But the goal is not to have a large explanation about the ML model implementation since there are other tutorials I point to for that purpose.

Sample ML Model: Sentiment Analysis model (Binary Classification) created with the ML.NET CLI

The sample ML model and even its related trainer console app were created with the ML.NET CLI. In fact, you could create the same ML Model and trainer console app by following this ML.NET CLI tutorial.

This is basically the code generated by the CLI in that tutorial and what we’re going to use as sample ML model and trainer console app for the CI pipeline:

VS solution generated by the CLI

However, you don’t need to generate/create that code following the mentioned tutorial since I’m also making it available in the GitHub repo related to this Blog Post, here:

Sample ASP.NET Core WebAPI service

The end-user app where you want to deploy the ML model is in this case a very simple ASP.NET Core WebAPI service. The code is available in the same GitHub repo:

You can also explore a very similar WebAPI implementation running an ML.NET model in this ‘how to’ guide:

Having the ML model, trainer console app and final app/service to deploy the model to, let’s now drill down on the different CI/CD pipelines in Azure DevOps and learn multiple approaches you can implement.

Build pipeline in Azure DevOps including the ML.NET Model lifecycle

The Build pipeline for machine Learning is pretty similar to regular application Build pipelines, but you need to add the following steps:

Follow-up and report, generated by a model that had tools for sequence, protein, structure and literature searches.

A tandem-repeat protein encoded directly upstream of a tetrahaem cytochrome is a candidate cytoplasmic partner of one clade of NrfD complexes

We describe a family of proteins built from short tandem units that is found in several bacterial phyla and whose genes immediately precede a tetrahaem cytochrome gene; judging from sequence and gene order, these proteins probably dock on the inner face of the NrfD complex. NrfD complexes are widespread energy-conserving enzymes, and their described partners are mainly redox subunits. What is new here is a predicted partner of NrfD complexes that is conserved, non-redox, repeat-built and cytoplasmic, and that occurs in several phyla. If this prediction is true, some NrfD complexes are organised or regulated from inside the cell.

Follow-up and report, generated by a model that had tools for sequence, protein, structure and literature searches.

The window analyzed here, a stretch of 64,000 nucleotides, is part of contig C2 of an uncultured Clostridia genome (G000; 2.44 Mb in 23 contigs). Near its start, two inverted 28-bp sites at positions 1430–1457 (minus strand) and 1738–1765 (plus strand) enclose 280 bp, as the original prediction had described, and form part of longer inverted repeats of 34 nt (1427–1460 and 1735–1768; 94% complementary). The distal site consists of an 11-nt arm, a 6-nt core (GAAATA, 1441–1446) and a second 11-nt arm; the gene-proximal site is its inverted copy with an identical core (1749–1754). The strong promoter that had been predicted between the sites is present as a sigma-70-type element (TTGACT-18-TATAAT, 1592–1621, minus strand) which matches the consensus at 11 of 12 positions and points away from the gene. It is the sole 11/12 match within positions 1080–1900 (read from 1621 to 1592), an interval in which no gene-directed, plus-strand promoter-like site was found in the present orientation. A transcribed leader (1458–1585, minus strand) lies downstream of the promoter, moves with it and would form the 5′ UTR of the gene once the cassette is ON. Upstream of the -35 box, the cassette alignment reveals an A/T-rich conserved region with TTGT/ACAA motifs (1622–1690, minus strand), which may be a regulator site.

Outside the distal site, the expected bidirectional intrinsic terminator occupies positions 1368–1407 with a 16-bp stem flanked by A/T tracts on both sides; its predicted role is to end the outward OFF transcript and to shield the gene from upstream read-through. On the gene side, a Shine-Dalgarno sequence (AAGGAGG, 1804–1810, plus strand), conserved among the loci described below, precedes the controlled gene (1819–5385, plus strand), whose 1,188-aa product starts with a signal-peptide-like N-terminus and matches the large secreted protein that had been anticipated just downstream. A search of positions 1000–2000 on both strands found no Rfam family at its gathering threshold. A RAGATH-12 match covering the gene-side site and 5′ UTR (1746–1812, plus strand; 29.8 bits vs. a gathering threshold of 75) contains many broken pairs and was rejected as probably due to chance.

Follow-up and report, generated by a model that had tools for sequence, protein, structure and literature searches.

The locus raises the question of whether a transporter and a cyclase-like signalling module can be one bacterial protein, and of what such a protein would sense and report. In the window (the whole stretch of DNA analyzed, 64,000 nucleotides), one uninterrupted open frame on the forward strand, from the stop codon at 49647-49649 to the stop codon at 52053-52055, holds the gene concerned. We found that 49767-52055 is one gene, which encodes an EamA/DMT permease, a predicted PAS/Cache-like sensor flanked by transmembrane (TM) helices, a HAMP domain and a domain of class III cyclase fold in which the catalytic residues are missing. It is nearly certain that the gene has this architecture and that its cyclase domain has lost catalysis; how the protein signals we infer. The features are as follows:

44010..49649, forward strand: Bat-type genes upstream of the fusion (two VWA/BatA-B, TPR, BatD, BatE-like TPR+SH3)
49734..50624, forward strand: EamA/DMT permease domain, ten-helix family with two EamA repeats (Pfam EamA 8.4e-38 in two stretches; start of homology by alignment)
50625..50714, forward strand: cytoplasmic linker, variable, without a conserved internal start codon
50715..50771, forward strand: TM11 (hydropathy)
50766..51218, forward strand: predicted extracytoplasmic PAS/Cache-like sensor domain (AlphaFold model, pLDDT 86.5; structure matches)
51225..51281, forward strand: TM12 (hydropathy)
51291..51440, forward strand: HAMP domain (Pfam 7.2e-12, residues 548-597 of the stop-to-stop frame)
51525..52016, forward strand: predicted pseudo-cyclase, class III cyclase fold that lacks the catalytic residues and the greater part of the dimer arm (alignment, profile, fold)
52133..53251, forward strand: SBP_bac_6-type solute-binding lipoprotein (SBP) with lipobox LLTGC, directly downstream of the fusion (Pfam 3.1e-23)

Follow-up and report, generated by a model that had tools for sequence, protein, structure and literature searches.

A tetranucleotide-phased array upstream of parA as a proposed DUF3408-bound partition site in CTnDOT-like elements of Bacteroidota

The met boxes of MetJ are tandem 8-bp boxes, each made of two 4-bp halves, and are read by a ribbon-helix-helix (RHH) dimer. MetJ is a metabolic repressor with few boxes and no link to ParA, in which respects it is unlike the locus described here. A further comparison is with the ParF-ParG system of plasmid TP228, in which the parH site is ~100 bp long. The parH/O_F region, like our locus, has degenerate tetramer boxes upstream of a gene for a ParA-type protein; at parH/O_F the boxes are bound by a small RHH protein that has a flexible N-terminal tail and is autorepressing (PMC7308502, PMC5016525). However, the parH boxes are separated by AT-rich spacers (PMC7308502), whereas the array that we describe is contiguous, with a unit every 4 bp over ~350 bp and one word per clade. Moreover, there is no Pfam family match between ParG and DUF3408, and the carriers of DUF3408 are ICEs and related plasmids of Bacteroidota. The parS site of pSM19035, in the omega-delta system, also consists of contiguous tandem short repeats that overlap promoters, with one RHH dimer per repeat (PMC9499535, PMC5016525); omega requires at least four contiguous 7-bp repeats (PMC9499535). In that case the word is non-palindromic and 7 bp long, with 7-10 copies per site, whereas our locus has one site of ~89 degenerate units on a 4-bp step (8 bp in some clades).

• Build/compile the ML model trainer app (Usually a console app)
  • Run the process (console app) to train the ML.NET model and generate the serialized model (.zip file).
  • Run model’s tests (model quality validation)
  • Deployment the model file into the actual end-user application code (project structure)

Once you run those tasks in the CI pipeline then you’d follow the typical application build tasks such as:

  • Build/compile the end-user app (such as an ASP.NET Core web app or WebAPI service)
  • Run app’s unit tests and integration tests
  • Generate and publish the final pipeline artifact in Azure DevOps (or if using containers, generate a Docker image and publish it into a Docker Registry)

Here’s a screenshot of a simplified approach of an Azure DevOps CI pipeline including all those steps.

Azure DevOps Build pipeline (Visual tasks approach)

Azure DevOps CI pipeline (Visual tasks approach)

I published this Azure DevOps publicly as READ-ONLY, so you can also see how it runs, here:

Note that for the “first look” above I’m showing a visual “task-based” CI pipeline because it is clearer and more visual for a first quick look, but in the upcoming detailed steps we switch to a YAML pipeline (Azure-Pipelines.yaml) because it offers better tracking with its related source code since the .YAML file is also checked in and pushed into the same Git repo used for the artifacts source code.

Build pipeline in Azure DevOps (YAML approach) to build and deploy the ML.NET model

In order to get started with Azure DevOps and Azure pipelines (YAML-based) and link it with your source code in GitHub, check this simple tutorial:

Once you have an empty Azure pipeline, you can start implementing it as the following.

This is pretty much the same build pipeline than the previous one but in this case it is using YAML as a Azure-Pipelines.yaml file, which you can also see published at my GitHub repo here:

https://github.com/CESARDELATORRE/MLNETSENTIMENTCICD/blob/master/azure-pipelines.yml